Send to

Choose Destination
See comment in PubMed Commons below
Proc Natl Acad Sci U S A. 2004 Apr 13;101(15):5610-5. Epub 2004 Mar 25.

Selective expression of IL-7 receptor on memory T cells identifies early CD40L-dependent generation of distinct CD8+ memory T cell subsets.

Author information

  • 1Institute for Medical Microbiology, Immunology, and Hygiene, Technical University of Munich, 81675 Munich, Germany.


Several recent studies have demonstrated that T-helper cell-dependent events during the initial priming period are required for the generation of CD8(+) T cell-mediated protective immunity. The underlying mechanisms of this phenomenon have not yet been determined, mostly because of difficulties in studying memory T cells or their precursor populations at early stages during immune responses. We identified IL-7 receptor (CD127) surface expression as a marker for long-living memory T cells, most importantly allowing the distinction between memory and effector T cells early after in vivo priming. The combination of surface staining for CD127 and CD62L further separates between two functionally distinct memory cell subsets, which are similar (if not identical) to cell subsets recently described as central memory T cells (CD127(high) and CD62L(high)) and peripheral effector memory T cells (CD127(high) and CD62L(low)). Using this new tool of memory T cell analysis, we demonstrate that CD8(+) T cell priming in the absence of T cell help or CD40L specifically alters the generation of the effector memory T cell subset, which appears to be crucial for immediate memory responses and long-term maintenance of effective protective immunity. Our data reveal a unique strategy to obtain information about the quality of long-term protective immunity early during an immune response, a finding that may be applied in a variety of clinical settings, including the rapid monitoring of vaccination success.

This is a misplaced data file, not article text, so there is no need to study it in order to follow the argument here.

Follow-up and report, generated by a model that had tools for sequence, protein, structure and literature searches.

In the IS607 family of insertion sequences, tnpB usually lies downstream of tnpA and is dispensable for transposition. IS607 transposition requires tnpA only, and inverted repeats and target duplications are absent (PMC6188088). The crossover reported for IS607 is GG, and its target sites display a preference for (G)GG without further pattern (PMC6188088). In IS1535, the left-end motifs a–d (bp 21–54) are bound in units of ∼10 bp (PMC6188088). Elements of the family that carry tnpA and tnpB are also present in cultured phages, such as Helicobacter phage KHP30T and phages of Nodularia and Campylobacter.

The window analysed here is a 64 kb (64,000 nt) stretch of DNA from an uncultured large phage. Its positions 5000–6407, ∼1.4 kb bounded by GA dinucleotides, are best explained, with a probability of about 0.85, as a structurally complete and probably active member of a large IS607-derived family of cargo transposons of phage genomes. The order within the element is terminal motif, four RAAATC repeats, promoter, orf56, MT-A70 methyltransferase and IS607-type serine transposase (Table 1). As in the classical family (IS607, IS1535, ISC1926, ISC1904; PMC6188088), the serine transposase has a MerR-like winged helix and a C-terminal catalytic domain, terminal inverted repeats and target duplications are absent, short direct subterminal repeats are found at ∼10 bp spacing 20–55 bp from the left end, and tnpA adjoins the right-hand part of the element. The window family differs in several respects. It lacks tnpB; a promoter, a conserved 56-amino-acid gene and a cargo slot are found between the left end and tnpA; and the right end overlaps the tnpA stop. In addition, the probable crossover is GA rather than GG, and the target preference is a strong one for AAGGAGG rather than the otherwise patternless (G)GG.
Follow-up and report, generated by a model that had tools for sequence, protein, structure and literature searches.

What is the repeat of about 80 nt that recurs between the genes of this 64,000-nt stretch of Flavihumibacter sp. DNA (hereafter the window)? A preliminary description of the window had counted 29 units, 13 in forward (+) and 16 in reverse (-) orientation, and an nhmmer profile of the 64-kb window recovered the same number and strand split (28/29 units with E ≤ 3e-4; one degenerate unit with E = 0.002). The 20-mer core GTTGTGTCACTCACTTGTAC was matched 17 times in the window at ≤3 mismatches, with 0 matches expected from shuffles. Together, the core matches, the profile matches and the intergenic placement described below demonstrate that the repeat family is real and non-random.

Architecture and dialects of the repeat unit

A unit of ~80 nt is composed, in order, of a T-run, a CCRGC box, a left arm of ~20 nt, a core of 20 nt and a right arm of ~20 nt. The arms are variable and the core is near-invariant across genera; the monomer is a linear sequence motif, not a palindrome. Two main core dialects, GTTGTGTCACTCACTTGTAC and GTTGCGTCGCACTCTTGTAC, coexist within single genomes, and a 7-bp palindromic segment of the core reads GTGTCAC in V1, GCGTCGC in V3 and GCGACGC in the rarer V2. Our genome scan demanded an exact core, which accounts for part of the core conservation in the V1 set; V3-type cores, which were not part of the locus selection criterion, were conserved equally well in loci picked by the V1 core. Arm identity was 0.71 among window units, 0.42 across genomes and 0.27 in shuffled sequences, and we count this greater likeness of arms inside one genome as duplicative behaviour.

[PubMed - indexed for MEDLINE]
Free PMC Article
PubMed Commons home

PubMed Commons

How to join PubMed Commons

    Supplemental Content

    Full text links

    Icon for HighWire Icon for PubMed Central
    Loading ...
    Write to the Help Desk